Here are some things you can do...
WEIGH ROTH IRA CONVERSION. If you have a traditional IRA, you may convert all or a portion of its content to a Roth IRA. This can be particularly beneficial if your IRA is invested in stocks or mutual funds that have lost value. The conversion will generate taxable income when it occurs, but the income earned within the Roth IRA and its future distributions will be tax-free, so long as certain distributions rules are followed. CLAIM QUALIFIED BUSINESS INCOME DEDUCTION. If you are self-employed, a member of a limited liability company, a stockholder in an S corporation or an owner of another pass-through entity, you can deduct 20% of your qualified business income, provided your taxable income does not exceed $340,100 for joint filers and $170,500 for all others EXPENSE NEW EQUIPMENT. First-year bonus depreciation equal to the cost of eligible equipment purchased before 2023 allows taxpayers to immediately write-off such property. In addition, $1,080,000 of qualifying Section 179 property placed in service in 2022 may be deducted when business income does not exceed $2,700,000. SHIFT INCOME WITH GIFTS. The annual gift tax exclusion in 2022 is $16,000 per recipient, but gifts must be made before year end. You may achieve tax savings by transferring income-producing property to family members in lower income tax brackets who are not subject to the kiddie tax (dependent children under the age of 18 at the end of the tax year or full-time students younger than 24). Such gifts are not deductible by you, nor do they constitute income to the recipient. In this current economic environment where you have no control over the rising costs of goods and services, where you are powerless to stop interest rates from rising or stock prices from falling, where you might choose to think Scrooge has come home to roost for Christmas, there is one source of financial pain over which you may still reign supreme: your 2022 tax liability. Do not dawdle in making wise choices to preserve as many rubies as possible, for timing is everything. “It’s the most wonderful time of the year! There’ll be much mistltoeing, and hearts will be glowing when loved ones are near. It’s the most wonderful time of the year!” God bless us, everyone! Freddy is an Assistant Professor of Accounting at Texas A&M University- Texarkana and an attorney Board Certified in Tax Law and in Estate Planning and Probate Law by the Texas Board of Legal Specialization. His practice is limited to matters of federal and state taxation, wealth transfer and asset protection planning, elder law, probate and the administration of estates, and the formation and operation of business, professional and nonprofit entities. You may find him at www.nortonandwood.com .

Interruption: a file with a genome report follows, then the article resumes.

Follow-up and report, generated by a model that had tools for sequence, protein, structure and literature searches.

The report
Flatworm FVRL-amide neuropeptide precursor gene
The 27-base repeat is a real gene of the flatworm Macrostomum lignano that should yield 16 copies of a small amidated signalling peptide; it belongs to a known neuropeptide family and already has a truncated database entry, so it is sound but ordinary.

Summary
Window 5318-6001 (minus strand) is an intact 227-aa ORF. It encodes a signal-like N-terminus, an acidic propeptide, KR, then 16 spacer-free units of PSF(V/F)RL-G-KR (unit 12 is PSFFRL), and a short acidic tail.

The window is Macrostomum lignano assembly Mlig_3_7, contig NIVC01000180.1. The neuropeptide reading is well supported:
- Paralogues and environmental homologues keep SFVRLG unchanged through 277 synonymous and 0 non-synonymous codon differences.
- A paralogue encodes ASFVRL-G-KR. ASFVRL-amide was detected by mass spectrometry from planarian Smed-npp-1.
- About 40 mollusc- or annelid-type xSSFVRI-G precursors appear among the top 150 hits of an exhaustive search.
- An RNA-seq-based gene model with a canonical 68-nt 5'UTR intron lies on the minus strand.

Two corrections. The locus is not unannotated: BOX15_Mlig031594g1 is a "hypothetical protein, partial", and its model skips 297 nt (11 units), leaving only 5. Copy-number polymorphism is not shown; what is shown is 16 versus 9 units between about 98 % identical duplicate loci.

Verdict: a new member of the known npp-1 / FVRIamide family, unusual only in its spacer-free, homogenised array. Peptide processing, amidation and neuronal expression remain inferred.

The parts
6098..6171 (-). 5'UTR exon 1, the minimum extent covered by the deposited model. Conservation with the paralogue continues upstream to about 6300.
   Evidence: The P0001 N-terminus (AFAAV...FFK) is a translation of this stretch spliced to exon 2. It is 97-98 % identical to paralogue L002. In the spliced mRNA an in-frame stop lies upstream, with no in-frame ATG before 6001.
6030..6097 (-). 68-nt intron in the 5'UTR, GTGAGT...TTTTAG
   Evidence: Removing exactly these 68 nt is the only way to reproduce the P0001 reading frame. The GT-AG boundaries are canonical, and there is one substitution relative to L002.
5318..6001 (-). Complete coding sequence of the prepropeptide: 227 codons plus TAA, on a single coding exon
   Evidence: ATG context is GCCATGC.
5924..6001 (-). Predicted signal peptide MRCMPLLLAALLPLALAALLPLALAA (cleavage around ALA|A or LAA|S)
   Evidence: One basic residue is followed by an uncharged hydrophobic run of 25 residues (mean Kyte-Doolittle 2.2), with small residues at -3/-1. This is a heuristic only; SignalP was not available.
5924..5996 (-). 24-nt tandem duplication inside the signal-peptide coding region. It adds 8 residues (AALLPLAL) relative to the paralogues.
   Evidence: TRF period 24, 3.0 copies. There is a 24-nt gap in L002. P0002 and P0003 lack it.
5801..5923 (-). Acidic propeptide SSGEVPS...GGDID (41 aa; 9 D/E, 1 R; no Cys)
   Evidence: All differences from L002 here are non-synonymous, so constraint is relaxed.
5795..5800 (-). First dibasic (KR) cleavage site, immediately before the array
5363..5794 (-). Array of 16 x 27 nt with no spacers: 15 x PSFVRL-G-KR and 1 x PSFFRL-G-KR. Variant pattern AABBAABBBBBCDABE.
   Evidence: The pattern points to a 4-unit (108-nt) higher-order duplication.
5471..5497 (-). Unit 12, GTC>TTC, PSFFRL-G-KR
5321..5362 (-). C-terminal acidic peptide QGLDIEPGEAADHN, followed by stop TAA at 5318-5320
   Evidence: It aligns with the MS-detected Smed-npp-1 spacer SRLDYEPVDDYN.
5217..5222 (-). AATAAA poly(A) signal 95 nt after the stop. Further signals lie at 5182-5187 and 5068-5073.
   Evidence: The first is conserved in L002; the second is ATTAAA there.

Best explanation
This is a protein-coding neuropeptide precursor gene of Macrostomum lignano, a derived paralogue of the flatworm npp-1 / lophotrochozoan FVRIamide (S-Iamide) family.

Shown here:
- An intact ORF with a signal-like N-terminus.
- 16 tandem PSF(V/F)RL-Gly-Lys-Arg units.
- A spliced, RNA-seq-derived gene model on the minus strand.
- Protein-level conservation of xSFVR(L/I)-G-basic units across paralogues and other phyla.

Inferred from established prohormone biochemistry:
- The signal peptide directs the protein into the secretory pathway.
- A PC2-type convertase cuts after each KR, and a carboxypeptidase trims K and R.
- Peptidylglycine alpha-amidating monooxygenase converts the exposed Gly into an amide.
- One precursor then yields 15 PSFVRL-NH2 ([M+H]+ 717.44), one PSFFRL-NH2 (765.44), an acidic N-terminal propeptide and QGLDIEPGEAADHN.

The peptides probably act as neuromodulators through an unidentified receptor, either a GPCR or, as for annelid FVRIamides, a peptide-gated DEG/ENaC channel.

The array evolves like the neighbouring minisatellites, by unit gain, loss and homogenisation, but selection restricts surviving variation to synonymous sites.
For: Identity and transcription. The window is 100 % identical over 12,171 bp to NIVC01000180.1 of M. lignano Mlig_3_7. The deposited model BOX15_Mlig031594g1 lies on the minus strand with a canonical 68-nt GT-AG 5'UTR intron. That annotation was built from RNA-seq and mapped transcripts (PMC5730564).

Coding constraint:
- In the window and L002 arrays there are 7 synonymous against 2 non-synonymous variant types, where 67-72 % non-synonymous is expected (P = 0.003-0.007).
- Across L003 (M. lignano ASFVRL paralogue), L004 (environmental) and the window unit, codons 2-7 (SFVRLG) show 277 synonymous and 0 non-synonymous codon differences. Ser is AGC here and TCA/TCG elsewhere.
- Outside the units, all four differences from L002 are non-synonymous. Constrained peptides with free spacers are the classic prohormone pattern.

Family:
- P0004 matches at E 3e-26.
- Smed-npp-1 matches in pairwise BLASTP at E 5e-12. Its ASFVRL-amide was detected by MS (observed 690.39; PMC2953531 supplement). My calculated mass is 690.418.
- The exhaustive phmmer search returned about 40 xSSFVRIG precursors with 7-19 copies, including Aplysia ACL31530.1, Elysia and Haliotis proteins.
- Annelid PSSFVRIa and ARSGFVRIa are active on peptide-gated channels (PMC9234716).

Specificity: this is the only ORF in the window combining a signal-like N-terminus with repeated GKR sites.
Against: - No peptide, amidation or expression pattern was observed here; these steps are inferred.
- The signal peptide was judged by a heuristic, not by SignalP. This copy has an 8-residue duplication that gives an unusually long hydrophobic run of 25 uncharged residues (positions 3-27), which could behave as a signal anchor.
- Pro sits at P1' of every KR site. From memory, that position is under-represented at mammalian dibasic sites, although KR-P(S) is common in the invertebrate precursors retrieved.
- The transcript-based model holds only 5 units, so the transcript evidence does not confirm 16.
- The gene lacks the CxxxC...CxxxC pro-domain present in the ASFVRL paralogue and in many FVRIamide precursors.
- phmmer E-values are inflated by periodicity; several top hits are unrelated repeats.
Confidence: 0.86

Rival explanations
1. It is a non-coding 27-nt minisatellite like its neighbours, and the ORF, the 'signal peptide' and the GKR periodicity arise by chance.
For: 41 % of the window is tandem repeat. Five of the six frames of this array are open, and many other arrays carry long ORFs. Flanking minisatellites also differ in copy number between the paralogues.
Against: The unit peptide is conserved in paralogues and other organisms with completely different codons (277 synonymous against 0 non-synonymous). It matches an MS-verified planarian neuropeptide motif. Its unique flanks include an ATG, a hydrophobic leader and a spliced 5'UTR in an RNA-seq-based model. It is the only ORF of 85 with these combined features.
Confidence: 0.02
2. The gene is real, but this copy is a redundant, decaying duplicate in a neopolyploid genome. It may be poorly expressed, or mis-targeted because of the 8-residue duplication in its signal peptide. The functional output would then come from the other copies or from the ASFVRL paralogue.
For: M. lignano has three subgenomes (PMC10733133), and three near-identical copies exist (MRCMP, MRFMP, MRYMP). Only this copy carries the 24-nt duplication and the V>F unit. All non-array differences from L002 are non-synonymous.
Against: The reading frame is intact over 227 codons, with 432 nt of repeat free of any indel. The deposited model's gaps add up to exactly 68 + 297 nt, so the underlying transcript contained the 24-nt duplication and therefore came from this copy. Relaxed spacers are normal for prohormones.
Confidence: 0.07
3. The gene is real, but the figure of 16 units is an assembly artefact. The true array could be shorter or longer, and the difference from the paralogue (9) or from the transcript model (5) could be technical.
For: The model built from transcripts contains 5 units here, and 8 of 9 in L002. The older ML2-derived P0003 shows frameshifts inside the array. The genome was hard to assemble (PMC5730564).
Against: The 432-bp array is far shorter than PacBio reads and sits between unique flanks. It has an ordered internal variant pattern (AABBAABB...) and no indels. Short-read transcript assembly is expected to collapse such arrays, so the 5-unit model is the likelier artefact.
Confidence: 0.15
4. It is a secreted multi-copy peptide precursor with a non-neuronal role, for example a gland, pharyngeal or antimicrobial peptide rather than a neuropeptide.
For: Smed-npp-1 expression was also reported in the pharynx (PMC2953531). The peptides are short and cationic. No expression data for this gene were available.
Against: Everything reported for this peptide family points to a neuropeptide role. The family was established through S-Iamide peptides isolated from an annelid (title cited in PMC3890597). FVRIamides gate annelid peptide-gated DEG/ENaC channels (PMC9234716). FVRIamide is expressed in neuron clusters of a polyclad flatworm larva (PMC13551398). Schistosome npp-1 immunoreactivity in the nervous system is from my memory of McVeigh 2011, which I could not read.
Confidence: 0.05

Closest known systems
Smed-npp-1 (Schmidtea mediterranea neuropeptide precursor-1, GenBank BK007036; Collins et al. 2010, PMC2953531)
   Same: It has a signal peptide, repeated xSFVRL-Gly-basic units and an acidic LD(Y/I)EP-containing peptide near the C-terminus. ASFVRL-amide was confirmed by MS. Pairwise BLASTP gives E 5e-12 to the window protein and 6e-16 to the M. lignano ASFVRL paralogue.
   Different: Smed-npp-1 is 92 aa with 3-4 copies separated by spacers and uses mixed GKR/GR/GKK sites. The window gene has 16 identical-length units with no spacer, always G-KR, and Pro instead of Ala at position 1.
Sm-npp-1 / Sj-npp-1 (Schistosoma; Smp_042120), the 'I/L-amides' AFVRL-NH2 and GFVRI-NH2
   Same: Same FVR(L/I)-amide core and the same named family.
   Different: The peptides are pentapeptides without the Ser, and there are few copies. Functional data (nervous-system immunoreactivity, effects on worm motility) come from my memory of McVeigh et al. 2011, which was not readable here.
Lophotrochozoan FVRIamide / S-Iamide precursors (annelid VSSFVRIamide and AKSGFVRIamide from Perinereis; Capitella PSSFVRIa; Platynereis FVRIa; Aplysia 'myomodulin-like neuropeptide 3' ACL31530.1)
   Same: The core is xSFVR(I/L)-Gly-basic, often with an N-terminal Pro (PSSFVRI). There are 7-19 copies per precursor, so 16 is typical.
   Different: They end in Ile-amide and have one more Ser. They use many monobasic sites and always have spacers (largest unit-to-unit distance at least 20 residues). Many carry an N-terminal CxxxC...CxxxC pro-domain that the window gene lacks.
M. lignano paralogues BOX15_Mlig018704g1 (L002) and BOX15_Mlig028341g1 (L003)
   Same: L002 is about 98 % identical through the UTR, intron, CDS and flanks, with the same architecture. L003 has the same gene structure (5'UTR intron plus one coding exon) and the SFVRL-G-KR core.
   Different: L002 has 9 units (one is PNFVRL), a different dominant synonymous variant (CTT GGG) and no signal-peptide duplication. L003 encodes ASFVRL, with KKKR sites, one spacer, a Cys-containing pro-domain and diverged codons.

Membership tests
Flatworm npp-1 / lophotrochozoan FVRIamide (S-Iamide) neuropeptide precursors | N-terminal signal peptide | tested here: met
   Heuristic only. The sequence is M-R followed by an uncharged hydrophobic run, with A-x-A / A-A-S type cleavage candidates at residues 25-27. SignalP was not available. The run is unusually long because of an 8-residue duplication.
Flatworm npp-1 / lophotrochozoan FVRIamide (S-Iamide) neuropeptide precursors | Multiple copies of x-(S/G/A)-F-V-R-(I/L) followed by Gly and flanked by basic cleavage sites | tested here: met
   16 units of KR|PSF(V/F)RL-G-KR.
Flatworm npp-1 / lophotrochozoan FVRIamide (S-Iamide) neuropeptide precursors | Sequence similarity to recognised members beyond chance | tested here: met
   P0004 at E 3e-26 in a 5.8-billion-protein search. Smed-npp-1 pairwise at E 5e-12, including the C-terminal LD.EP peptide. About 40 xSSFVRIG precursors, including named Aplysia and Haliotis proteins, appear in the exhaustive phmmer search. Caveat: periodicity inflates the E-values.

DEFER INCOME AND ACCELERATE EXPENSES. For 2022 and the foreseeable future, taxpayers will find themselves in one of seven ordinary income tax brackets: 10%, 12%, 22%, 24%, 32%, 35%, and 37%. Long-term capital gains (sales of capital assets held for more than a year) are taxed at rates of 0%, 15%, and 20%. Depending upon your current marginal tax rate (the rate you pay on an additional dollar of income), deferring receipt of income and delaying sales of capital assets until 2023 while accelerating expenses which qualify for deduction in 2022 may save you some money. EVALUATE CAPITAL GAINS NET INVESTMENT INCOME. If you have appreciated investments to sell, consider whether you have investment losses to harvest which might offset any gains. This may afford you the chance to take timely advantage of recent stock market volatility and possibly lower or completely eliminate any tax liability for capital gains. Beware of the net investment income tax, which is an additional 3.8% tax applicable to certain investment income earned when adjusted gross income equals or exceeds $250,000 for joint filers ($125,000 if married filing separately) and $200,000 for single taxpayers. “BUNCH” ITEMIZED DEDUCTIONS. The 2017 Tax Cuts and Jobs Act reduced or eliminated many itemized deductions and substantially increased the standard deduction for all taxpayers. In 2022, the standard deduction is $25,900 for joint filers, $12,950 for singles and married couples filing separately, and $19,400 for heads of household. If these high thresholds eliminate the benefit of itemizing deductions for you, consider a “bunching” strategy to push or pull discretionary medical expenses and charitable contributions and the timing of property tax payments into the year where you will benefit from them the most. This may result in itemizing deductions in one year and then claiming the standard deduction in the next. OPTIMIZE RETIREMENT PLAN CONTRIBUTIONS. Contributions to 401(k) plans must be made by year-end. The maximum allowable 401(k) contribution for 2022 is $20,500, but if you are 50 or older and the plan permits, you may add as much as $6,500 as a “catch-up” contribution. You may also qualify to make deductible contributions to an individual retirement account ($6,000 or $7,000 if you are 50 or older) and a health savings account ($3,650 for self-only and $7,300 for families plus $1,000 “catch-up” contributions for individuals 55 or older). Both IRA and HSA contributions may be made up until April 18, 2023, the original due date of 2022 individual returns. If you are 72 or older, remember to take your required minimum distributions (RMDs) from qualified plans or IRAs to avoid imposition of substantial penalties. Up to $100,000 can be distributed directly from your IRA to a qualified public charity in satisfaction of your RMD, but no charitable contribution deduction for such distribution is allowed (because the distribution is not included in your gross income).
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